I think our Finance and Admin Lead here at DEM summarized today's exercise activity well when, on the way out afterwards, he said "well.. we got requests, we filled requests... and we spent a lot of [fictional] money". Out of context, that might not sound like a great achievement, but for a state-level Emergency Management office responding to a large, mega-scale disaster exercise scenario that is a proud achievement. Our task at the Division, when you boil everything down, is pretty clear. Emergency managers at the State-level are in place to anticipate needs of local authorities/first responders, field requests for equipment, staff or other assistance locals cannot meet with their own resources in responding to an emergency, and to facilitate access to funding streams so that money doesn't become a roadblock to providing help to people that need it. So, in this case, getting requests, filling requests and responsibly spending fictional money means that the system - while under a HUGE amount of stress - worked
That said. We broke a lot of things (not physically
...). That sounds bad but, again, it isn't. An exercise where everything works achieves little. Exercises are intended to identify weaknesses, gaps, and those things you didn't think about yet. The point is to see how capable and flexible you - as a group and individuals - are to responding to challenges. In this exercise, We tested new procedures and groups, such as a dedicated situational awareness unit. We implemented new systems, such as a wide establishment and operation of a shared collaboration site to facilitate communications between public affairs reps involved in response. We utilized an entire new resource ordering and tracking system, designed to help better understand requests received, status of approval and implementation. Our goal, which was painfully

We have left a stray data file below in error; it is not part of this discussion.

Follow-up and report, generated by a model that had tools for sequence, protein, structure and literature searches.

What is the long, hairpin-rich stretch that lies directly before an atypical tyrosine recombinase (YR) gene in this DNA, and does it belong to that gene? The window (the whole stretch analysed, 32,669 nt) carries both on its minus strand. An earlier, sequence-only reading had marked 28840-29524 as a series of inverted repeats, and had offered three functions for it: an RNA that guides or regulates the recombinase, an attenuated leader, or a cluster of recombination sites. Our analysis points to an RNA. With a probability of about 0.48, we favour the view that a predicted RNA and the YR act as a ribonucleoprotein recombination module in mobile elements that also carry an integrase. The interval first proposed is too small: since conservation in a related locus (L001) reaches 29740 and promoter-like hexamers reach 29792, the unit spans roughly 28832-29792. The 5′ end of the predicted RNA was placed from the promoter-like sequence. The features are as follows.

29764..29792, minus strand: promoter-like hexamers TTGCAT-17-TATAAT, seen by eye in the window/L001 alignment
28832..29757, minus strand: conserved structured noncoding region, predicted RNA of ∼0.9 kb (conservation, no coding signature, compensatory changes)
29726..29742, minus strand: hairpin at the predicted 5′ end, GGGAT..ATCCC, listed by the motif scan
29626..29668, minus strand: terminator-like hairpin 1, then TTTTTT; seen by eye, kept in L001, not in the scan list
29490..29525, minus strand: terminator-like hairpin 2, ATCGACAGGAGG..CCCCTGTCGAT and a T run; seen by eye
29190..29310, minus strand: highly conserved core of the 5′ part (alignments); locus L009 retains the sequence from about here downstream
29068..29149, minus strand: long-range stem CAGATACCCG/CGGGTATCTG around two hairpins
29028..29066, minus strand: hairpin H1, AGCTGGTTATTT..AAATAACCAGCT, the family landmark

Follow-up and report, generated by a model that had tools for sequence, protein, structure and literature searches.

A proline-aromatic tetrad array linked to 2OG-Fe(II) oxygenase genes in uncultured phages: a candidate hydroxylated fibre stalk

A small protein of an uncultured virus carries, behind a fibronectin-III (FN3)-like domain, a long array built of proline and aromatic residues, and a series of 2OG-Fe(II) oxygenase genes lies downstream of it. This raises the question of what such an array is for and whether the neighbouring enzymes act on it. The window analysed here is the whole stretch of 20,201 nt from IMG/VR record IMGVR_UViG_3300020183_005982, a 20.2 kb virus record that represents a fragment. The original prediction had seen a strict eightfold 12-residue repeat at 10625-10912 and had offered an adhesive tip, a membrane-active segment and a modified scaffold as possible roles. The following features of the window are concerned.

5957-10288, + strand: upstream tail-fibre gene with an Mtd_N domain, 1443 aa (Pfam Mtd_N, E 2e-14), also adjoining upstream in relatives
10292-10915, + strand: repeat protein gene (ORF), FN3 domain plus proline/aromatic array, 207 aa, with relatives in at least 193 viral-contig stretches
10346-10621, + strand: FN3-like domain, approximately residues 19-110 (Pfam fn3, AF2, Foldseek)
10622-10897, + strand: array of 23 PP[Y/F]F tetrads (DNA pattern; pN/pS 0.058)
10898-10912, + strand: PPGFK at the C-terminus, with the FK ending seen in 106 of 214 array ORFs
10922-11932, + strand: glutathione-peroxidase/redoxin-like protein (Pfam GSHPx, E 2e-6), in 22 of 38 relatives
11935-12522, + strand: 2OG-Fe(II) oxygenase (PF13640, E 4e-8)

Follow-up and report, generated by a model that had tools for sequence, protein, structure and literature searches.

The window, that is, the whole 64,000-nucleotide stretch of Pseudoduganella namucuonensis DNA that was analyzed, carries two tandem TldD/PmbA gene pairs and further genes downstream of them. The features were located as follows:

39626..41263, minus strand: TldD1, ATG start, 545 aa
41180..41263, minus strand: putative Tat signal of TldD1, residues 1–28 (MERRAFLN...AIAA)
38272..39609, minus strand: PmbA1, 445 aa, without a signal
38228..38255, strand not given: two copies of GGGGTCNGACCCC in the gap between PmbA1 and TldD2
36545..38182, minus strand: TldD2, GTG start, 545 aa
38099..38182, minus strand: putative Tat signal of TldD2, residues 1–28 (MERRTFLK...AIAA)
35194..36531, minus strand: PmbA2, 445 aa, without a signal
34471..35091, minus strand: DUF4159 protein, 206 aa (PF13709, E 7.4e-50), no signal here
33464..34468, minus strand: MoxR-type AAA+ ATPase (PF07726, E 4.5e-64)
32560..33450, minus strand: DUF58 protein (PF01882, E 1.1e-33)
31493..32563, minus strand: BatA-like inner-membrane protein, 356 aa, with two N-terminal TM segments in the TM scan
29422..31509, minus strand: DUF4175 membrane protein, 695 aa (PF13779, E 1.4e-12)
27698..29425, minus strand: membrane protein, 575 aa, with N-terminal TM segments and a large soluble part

achieved (poking fun...) due to the rigorous injects and pace of our Emergency Management Institute exercise hosts, was to stress the system, see where the breaks occurred so that we could repair them in the after action phase.
The scenario, if you are interested, was for a swarm of major tornadoes to hit across the Front Range causing catastrophic damage and countless secondary issues designed to overwhelm every aspect of initial and emergency response/support. Achieved. It was a difficult, long day. Despite the horrific scenario and doubtless adverse impact such an event would have, we were able to test the systems, establish a rhythm and validate many procedures that would be necessary to help us organize to begin the process of communicating with and coordinating provision of resources to local responders and communities. The skeleton got bent, battered and twisted, but it didn't break.
Of course, we aren't done,
yet. Today was only the first part of a two-part exercise. While today's activities emphasized response, situational awareness, public information and warning, tomorrow's exercise activities will focus on recovery.